After visiting a Taiwanese wetsuit manufacturer, mechanical engineering and mathematics faculty member Anette (Peko) Hosoi returned to campus convinced that her MIT Sports Technology Research Group could design an innovative, lightweight material to keep divers warm—with MIT’s mascot as a muse.
Hosoi and mechanical engineering graduate student Alice Nasto SM ’13 focused their research on the furry pelts of beavers and sea otters, both of which have a layer of long hairs that traps insulating pockets of air around their bodies when they dive underwater. Nasto created a series of rubbery swatches—using molds she built through the painstaking application of a laser cutter—and the team ran experiments on them to arrive at a mathematical model predicting how much air would get trapped by a given sample. The group published its results in the fall of 2016.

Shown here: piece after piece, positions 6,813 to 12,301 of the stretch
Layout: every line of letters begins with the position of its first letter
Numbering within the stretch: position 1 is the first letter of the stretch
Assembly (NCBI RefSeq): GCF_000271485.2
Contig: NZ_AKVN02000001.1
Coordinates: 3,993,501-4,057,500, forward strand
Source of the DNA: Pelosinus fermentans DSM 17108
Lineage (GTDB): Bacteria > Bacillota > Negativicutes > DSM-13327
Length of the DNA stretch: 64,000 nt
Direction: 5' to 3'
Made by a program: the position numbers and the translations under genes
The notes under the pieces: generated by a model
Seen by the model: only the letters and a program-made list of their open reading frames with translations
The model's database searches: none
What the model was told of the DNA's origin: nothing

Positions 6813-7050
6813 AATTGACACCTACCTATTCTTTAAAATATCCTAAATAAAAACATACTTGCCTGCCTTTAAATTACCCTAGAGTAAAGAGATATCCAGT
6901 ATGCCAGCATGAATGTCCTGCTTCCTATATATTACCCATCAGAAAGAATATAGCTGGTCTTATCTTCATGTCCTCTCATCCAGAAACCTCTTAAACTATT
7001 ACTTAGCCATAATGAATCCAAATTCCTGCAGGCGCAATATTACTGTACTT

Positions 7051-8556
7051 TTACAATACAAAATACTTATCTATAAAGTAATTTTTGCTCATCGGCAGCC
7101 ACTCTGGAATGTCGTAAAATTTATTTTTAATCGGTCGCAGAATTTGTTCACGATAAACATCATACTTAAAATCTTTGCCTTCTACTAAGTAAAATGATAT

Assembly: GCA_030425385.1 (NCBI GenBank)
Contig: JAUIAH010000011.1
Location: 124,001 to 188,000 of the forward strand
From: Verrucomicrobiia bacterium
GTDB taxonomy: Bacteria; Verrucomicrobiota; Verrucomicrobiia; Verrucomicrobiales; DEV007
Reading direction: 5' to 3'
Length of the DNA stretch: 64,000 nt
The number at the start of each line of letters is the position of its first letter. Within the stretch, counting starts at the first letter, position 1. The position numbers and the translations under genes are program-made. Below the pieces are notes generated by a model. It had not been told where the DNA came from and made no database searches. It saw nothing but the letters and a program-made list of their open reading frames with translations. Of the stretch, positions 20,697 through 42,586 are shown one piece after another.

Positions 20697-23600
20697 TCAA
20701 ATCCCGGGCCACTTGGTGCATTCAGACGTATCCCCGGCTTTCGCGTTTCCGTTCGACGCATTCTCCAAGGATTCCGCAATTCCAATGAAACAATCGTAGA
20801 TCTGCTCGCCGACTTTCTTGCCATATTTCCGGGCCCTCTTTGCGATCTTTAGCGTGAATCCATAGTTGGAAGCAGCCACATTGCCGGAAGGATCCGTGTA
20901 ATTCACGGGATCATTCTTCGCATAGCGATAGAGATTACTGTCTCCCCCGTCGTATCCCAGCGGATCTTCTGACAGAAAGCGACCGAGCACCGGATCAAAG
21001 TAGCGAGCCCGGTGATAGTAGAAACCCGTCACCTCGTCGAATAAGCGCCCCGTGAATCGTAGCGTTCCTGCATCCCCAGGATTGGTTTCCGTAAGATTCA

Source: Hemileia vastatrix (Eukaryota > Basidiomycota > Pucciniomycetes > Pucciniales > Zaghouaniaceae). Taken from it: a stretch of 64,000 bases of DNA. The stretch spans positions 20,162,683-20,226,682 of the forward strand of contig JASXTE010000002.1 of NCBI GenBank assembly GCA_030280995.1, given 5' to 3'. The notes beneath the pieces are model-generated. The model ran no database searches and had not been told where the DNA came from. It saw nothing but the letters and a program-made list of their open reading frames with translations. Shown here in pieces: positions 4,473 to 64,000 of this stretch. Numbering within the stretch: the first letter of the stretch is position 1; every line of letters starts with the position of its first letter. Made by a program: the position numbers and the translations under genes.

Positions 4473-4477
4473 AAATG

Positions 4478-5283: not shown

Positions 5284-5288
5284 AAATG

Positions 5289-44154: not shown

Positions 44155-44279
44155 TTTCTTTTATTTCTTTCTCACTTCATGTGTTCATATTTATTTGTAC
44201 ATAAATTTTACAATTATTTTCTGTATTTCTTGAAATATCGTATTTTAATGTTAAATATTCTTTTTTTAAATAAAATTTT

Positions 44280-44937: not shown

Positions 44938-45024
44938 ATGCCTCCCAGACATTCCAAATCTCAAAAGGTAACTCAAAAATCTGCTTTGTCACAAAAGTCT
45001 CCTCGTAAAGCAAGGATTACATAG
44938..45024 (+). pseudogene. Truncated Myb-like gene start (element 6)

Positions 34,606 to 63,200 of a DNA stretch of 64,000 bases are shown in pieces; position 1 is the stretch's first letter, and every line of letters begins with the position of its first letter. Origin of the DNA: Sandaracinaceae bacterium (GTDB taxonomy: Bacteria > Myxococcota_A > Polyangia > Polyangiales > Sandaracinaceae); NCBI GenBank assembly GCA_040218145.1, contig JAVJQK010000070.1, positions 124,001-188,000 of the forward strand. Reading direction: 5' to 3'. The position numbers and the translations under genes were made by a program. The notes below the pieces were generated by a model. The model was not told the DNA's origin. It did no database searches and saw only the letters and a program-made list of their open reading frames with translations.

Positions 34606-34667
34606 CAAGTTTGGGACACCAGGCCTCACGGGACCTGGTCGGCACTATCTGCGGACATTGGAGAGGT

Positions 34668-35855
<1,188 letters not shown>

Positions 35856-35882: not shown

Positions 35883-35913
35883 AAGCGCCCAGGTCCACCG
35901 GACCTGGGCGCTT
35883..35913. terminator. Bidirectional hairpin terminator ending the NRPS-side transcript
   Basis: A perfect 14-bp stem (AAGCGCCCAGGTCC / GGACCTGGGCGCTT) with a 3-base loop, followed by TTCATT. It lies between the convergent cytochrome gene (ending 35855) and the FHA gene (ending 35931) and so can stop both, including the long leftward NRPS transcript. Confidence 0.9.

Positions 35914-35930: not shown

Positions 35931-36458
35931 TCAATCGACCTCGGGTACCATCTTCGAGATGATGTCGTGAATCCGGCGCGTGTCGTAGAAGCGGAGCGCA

According to Hosoi, “We can control the length, spacing, and arrangement of hairs, which allows us to design textures to match certain dive speeds and maximize the wetsuit’s dry region.” This isn’t the first time, incidentally, Hosoi has turned to marine life for engineering inspiration: she is one of the creators of the RoboClam, a digging device modeled after its aquatic namesake.